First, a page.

More from our adventures of our broken down car in the wild East
It was August and we were in the Southeast. It was hot, and it was also Ramadan, the month of fasting. The neighbor lady came out again to invite us in. When she heard about our situation, she invited Barbara, Renate and the boys to stay with her while I went back to Ankara to get the other transmission. We spent the day resting in the oppressive heat.
That evening I again boarded the bus for the long ride to Ankara. I took the new transmission with me partly to make sure I got the proper parts off the old one and partly to make sure the mechanic didn’t sell any parts off of the new one!
The next question I had was, do I now have to transport both transmissions back with me or is there a better way to give the mechanic what he needed?
I arrived in Ankara on Sunday morning and took a taxi home. On the way I saw my local mechanic pass us in his car. I had never seen him anywhere but in his shop before, so this was a definite God sighting.
“Follow that car,” I shouted excitedly in English to the taxi driver, then realized my error and translated it into Turkish. We were able to catch the mechanic, and he agreed to follow us to my house.
After looking over the two transmissions, he took the necessary parts off of the old one and put them on the new one. That simplified everything for me! That was definitely a clear answer to my prayer!
That night I got on the bus once again, hopefully for my last twelve-hour trip to the East. I noticed that the driver was the same one from the previous night, so I greeted him. At 3am we stopped for “breakfast” and the driver, Adam, invited me to eat with him. I learned that he was from the village where the first mechanic had looked at our car.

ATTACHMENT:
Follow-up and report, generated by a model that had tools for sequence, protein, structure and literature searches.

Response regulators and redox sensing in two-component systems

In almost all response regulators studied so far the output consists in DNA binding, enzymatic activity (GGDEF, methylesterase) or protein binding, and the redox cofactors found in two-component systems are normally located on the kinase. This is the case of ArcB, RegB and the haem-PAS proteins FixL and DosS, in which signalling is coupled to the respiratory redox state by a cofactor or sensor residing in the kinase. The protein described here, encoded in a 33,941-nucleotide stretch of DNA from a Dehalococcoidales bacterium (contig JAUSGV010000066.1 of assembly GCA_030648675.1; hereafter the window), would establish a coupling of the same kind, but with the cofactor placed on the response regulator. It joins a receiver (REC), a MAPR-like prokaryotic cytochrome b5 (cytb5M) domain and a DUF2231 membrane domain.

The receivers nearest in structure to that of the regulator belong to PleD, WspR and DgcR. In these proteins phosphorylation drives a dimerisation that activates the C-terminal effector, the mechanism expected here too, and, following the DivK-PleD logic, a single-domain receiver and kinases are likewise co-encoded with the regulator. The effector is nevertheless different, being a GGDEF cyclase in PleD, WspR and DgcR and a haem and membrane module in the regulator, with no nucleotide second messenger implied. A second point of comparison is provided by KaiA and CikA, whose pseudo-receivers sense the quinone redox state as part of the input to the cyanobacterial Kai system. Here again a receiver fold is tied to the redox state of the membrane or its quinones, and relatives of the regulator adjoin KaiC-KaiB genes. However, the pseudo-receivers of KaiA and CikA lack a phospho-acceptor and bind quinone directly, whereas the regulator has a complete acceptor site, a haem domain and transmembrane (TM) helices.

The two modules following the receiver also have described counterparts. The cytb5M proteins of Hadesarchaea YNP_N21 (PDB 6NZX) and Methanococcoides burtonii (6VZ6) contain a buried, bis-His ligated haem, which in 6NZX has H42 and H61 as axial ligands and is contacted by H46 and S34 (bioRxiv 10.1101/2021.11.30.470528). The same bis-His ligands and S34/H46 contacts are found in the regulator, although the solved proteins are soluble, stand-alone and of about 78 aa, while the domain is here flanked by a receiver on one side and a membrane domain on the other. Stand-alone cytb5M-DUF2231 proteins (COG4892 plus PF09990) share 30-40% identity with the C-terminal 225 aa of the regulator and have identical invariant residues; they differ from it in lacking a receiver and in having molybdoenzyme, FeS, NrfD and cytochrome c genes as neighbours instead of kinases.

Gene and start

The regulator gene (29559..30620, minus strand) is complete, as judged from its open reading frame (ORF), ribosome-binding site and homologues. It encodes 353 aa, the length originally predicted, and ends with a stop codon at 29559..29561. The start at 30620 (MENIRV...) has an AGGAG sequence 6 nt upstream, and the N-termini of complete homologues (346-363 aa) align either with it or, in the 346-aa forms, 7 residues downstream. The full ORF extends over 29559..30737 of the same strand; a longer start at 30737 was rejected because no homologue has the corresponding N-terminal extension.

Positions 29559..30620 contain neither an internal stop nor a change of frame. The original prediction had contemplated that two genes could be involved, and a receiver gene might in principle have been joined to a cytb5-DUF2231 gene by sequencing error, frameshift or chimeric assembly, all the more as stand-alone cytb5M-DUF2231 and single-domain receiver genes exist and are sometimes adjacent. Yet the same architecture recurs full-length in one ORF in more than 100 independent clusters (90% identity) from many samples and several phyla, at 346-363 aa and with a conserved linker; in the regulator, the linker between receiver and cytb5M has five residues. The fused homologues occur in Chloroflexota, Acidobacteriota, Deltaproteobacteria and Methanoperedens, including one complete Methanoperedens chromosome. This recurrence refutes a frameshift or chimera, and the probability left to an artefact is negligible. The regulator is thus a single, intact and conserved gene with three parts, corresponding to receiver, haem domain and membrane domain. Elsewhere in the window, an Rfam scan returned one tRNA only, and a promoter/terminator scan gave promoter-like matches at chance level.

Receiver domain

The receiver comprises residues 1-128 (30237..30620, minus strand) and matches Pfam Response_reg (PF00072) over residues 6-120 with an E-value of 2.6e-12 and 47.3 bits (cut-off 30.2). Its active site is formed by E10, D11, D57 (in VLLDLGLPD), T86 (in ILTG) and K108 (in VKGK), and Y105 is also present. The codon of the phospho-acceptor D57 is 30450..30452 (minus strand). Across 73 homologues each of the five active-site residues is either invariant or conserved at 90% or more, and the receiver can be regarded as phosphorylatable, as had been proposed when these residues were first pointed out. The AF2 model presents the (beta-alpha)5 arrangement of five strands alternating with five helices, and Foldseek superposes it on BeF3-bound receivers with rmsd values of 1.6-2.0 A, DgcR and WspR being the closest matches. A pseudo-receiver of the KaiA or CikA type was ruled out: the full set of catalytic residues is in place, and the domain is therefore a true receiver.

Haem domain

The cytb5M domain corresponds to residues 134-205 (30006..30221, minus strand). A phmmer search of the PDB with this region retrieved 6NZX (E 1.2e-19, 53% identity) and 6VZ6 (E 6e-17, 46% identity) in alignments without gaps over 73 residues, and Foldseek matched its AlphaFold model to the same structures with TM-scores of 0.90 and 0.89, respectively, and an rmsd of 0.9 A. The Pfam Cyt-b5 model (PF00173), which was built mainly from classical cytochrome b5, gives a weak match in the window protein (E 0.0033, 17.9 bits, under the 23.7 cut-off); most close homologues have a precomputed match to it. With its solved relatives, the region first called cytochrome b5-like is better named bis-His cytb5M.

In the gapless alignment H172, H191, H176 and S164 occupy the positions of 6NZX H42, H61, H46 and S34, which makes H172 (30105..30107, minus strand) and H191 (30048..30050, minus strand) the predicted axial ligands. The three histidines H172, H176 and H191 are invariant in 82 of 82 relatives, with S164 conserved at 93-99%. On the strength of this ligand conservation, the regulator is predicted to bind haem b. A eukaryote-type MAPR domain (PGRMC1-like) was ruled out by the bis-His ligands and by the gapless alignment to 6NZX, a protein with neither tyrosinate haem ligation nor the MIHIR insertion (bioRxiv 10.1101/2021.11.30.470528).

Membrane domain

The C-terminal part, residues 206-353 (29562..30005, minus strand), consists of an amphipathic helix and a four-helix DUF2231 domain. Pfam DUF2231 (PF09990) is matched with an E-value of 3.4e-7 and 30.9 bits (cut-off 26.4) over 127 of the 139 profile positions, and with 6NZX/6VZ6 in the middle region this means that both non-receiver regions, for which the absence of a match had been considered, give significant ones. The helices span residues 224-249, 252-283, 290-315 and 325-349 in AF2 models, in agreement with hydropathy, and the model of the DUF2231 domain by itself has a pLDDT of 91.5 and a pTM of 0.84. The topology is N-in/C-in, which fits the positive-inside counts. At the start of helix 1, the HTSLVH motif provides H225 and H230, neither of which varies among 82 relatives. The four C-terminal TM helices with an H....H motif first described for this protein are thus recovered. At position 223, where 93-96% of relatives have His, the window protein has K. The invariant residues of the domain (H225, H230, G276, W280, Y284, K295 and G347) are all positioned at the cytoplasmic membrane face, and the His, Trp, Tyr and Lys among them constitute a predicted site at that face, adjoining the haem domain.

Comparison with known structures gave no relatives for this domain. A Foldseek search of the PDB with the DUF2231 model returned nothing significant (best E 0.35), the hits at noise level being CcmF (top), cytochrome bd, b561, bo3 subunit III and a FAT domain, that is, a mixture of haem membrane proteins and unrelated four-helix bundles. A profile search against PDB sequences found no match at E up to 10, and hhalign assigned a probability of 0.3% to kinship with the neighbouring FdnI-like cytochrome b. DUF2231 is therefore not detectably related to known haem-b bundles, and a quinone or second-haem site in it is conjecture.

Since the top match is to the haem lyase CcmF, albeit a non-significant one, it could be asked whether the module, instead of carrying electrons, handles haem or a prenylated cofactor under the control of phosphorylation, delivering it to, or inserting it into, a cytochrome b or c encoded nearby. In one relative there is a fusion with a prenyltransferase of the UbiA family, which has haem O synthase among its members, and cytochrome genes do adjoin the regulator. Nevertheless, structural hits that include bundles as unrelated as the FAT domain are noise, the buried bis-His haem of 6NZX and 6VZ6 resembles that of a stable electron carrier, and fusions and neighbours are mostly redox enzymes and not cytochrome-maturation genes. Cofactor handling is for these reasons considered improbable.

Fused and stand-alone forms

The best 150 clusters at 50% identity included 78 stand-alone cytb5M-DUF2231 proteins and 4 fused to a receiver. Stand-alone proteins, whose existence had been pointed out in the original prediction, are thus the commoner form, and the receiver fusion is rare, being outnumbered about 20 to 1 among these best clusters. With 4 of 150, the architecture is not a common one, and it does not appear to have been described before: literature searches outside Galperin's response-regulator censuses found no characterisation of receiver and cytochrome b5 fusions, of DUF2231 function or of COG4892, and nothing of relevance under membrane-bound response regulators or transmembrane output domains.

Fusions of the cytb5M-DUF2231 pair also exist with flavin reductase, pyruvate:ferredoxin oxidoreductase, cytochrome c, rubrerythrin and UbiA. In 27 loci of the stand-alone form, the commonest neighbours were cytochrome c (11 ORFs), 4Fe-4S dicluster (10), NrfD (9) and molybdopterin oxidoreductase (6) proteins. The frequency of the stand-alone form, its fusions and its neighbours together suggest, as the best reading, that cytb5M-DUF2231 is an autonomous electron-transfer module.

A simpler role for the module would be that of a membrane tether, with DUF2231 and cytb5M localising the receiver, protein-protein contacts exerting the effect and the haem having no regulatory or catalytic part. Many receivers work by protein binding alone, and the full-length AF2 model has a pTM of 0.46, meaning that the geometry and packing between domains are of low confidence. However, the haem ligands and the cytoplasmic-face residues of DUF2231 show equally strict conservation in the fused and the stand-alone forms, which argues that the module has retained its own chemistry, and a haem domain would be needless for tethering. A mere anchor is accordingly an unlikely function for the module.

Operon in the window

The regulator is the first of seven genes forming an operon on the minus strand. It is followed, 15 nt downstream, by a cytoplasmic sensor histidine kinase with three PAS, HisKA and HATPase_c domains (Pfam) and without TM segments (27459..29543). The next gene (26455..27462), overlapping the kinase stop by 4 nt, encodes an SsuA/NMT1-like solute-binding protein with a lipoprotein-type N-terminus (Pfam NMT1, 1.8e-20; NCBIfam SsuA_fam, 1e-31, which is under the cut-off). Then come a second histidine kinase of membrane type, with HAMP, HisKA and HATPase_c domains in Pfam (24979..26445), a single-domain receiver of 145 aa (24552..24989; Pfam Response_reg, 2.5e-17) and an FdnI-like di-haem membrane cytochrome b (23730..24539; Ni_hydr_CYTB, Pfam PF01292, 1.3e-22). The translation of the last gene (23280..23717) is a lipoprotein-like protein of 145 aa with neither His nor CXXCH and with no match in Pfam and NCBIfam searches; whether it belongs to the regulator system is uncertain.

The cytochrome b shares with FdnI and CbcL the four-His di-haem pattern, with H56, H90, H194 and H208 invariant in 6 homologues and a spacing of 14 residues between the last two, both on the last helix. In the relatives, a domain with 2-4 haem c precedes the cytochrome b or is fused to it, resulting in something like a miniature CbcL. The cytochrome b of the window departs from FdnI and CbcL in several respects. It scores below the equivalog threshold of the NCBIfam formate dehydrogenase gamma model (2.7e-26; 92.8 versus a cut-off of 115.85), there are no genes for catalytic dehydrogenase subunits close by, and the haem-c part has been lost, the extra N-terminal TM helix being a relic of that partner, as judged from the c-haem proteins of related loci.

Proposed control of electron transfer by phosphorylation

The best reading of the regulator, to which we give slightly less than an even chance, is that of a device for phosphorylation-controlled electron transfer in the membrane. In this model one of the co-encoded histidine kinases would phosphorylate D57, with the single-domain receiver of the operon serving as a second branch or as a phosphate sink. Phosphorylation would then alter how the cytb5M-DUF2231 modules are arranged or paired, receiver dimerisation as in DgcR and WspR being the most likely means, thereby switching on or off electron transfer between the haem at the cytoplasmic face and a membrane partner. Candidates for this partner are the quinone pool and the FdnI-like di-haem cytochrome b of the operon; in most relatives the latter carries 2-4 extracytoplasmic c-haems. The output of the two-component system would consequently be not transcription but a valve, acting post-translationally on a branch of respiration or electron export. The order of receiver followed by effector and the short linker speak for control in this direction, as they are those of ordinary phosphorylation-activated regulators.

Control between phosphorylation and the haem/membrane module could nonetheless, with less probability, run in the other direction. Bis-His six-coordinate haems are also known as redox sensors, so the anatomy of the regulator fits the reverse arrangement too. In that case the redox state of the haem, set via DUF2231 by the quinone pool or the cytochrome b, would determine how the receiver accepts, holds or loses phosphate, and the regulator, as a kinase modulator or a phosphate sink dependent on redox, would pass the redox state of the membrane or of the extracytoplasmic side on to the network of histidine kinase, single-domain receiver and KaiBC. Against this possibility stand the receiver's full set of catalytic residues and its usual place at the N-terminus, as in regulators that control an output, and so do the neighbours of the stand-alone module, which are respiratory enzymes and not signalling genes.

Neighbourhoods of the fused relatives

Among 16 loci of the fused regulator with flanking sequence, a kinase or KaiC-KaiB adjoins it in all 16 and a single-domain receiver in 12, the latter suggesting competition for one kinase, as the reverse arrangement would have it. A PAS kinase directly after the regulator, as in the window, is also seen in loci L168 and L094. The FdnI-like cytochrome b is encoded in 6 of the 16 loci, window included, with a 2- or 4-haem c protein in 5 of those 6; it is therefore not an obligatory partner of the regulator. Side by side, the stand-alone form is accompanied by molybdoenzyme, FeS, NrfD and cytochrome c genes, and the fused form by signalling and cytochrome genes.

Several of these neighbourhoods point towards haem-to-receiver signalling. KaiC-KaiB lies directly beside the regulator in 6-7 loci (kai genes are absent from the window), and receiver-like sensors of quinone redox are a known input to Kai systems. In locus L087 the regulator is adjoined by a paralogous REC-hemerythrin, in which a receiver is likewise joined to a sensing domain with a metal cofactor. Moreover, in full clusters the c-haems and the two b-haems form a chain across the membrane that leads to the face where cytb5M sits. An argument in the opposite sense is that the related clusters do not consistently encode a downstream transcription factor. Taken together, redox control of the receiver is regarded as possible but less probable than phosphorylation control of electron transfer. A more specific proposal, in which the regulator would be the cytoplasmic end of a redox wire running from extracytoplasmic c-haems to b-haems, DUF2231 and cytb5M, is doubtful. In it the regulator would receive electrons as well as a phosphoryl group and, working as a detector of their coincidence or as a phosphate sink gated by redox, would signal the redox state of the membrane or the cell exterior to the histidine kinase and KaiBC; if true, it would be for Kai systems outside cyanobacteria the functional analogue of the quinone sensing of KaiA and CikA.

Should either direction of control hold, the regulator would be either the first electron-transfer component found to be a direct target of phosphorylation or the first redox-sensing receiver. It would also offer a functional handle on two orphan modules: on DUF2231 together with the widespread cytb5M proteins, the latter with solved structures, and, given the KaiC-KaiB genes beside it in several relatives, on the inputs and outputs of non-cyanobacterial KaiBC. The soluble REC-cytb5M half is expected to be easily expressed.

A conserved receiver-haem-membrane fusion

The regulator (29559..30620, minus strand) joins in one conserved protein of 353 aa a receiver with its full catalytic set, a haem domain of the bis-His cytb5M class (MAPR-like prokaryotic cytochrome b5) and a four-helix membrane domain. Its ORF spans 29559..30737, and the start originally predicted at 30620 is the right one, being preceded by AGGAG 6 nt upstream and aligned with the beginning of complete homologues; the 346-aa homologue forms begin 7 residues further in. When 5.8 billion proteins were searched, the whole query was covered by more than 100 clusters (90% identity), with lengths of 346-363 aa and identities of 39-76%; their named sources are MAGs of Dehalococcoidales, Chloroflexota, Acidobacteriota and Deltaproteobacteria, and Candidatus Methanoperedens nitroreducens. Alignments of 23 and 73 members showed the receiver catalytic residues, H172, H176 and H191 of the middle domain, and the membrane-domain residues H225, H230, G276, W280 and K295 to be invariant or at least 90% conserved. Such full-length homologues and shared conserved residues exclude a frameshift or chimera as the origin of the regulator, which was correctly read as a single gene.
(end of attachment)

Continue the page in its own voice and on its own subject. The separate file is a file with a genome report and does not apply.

When I arrived at the repair shop, the mechanic looked pleased with what I’d brought. “OK, I’ll get to work on this. It will take me two days to get it back together.”
For two days we stayed with our widow lady friend, a chance to see Turkish culture and its wonderful hospitality from the inside out. She, as a good Muslim was, of course, fasting, which meant no food or water from sunup (5am) to sundown (8pm). But she did give us food and drinks during the day, although she slept most of the time herself.
Every night at 3 am a drummer would come through the neighborhood to make sure that everyone got up to make breakfast before sunrise. Our nights were short with broken sleep.
There was nowhere to wash, and there was no running water most of the time. I was so sweaty that I longed for a shower, so one afternoon I took one teacup of drinking water, went into the “squat toilet,” stripped down and very slowly poured that water over myself. Ah, the refreshment of washing off all that sweat! I had never appreciated a shower so much, limited as it was!
The next day I went downtown by city bus. A villager got on, an elderly man. He sat across from me and stared. Then he got up, came over and gave me a very close and careful inspection, with his face about two inches from mine.
I greeted him in Turkish and he jumped back. His expression said, “He talks!” He had never seen a foreigner before and reacted as if he were confronted with some strange creature. That helped me to understand how far from western influence we were. He was a nice man and we had a pleasant chat after he grasped that I could speak Turkish.
When the car was finally ready, we went with our widow lady into town, picked up her refrigerator from a repair shop and brought it home for her. It was the least we could do after her wonderful hospitality.
Picture: a back street photo from the time of our 1981 car repair in the eastern city.